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Mid Holiday Update


vanscottbuilders

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Got a big scare this week - Food related. I take that very seriously.

After buying my wife a new septic system for Christmas (when you need one, it's a very romantic gift), apparently the plumber needed to move my freezer in the basement in order to connect the new waste line. Anyway, the freezer did not survive the move. So, after discovering water running out the bottom of it, I needed to find some borrowed freezer room fast for an entire year's supply of beef, venison and a couple of turkeys. At least it was cold enough outside to box up some of it to store overnight. Glad the yard is fenced to slow down the meat eating varmints.

Fortunately I didn't lose anyuthing.

Spent some time this week working on a cedar strip canoe that I started building about nine years ago for my wife. She no longer believes me when I say that the best things in life are worth waiting for. So I better get it done. Besides I could use the shop space.

I think I will build a temporary spray booth in that shop section to paint the B-67 cab and sheet metal.

We have used booths like this for years at work to finish large cabinets both in the shop and on jobsites. Nothing very revolutionary about this technology.

We simply build four wall frames and a ceiling frame from 2x2 lumber and cover them with clear poly. Usually the room size is about 10 x 10 x 8' high. But it can be any size you need. In this case, I will probably make it 10' high and reuse it for the H-63 (Cherry Picker) cab.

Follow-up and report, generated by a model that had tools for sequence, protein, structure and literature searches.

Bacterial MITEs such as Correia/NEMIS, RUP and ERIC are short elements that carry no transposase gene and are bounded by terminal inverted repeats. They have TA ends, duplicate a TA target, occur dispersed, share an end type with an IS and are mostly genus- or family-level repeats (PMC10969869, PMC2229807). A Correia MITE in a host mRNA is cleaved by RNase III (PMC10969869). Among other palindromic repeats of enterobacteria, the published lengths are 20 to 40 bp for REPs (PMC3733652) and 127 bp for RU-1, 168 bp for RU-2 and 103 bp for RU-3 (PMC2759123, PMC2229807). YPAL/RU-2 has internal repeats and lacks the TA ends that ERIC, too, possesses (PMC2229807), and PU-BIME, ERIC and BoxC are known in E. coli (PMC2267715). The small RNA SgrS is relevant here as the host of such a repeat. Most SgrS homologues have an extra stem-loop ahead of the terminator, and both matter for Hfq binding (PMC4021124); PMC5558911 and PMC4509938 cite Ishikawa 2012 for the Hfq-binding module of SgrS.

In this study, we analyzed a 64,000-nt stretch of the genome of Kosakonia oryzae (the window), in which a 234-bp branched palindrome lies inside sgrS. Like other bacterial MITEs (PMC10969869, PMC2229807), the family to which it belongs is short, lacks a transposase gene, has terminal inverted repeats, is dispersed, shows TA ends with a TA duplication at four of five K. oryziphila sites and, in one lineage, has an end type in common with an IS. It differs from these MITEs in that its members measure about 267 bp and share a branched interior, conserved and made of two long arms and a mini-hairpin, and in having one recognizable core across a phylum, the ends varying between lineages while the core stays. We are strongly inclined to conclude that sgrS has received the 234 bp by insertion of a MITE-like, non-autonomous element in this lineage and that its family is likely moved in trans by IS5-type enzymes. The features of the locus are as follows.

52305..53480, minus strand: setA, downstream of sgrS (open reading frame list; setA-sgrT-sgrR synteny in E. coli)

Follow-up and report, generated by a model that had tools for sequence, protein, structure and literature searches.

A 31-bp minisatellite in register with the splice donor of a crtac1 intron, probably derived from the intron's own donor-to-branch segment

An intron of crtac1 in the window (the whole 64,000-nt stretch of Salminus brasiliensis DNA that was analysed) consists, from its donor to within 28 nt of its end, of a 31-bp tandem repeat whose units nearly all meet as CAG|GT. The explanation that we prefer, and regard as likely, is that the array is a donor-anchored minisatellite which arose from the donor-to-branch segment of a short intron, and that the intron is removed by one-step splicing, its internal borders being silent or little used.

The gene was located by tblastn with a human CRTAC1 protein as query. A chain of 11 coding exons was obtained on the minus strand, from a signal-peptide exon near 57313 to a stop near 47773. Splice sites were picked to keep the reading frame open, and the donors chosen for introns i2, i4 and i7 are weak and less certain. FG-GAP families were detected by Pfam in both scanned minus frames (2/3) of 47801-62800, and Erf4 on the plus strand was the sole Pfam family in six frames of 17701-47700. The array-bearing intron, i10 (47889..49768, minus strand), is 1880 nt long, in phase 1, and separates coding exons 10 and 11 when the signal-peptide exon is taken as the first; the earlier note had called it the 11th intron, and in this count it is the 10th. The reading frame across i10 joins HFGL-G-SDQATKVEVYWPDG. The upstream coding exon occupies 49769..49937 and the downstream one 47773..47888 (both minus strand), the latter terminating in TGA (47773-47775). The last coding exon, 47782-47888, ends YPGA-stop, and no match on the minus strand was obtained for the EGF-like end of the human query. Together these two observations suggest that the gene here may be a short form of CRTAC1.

A plastic covered door frame goes in one wall for entry. A 16" x 24" air inlet is framed in one wall with a standard furnace filter cleaning the inbound air, and an exhaust fan drawing the fumes out of the opposite wall. Finally, we duct the fumes out a shop window, if we can. Taped together cardboard boxes can make a pretty good fume duct. We use an explosion proof shop fan unit, but I'm told that almost anything will work, if you filter the outbound air, too.

I just don't like the prospect of a loud boom with me in the middle of it! Already lost enough hair, no need to burn off what's left.

The wall panels are held together with old interior door hinges and hinge pins for easy assembly and disassembly, and we set the booth up around whatever is to be painted. The ceiling framing is strong enough to hang fenders and doors from, which makes painting them a lot easier.

Usually a piece of poly serves as the floor, too.

The booth cuts down on any dust, flies and bugs in the paint, and allows work to continue elsewhere in the shop while the painting is in progress. And the booth provides an ideal drying room, because it is sealed up pretty well. Just close the door and walk away. When the painting project is done, just take the panels apart and find a place to store them until needed again. (We usually hang ours flat from a tall shop ceiling, so they are out of the way)

If you spend $20.00 on the booth, you spent too much. Just don't skimp on the fan.

That's my contribution this week to "How To Restore Your Old Truck on a Shoestring" .

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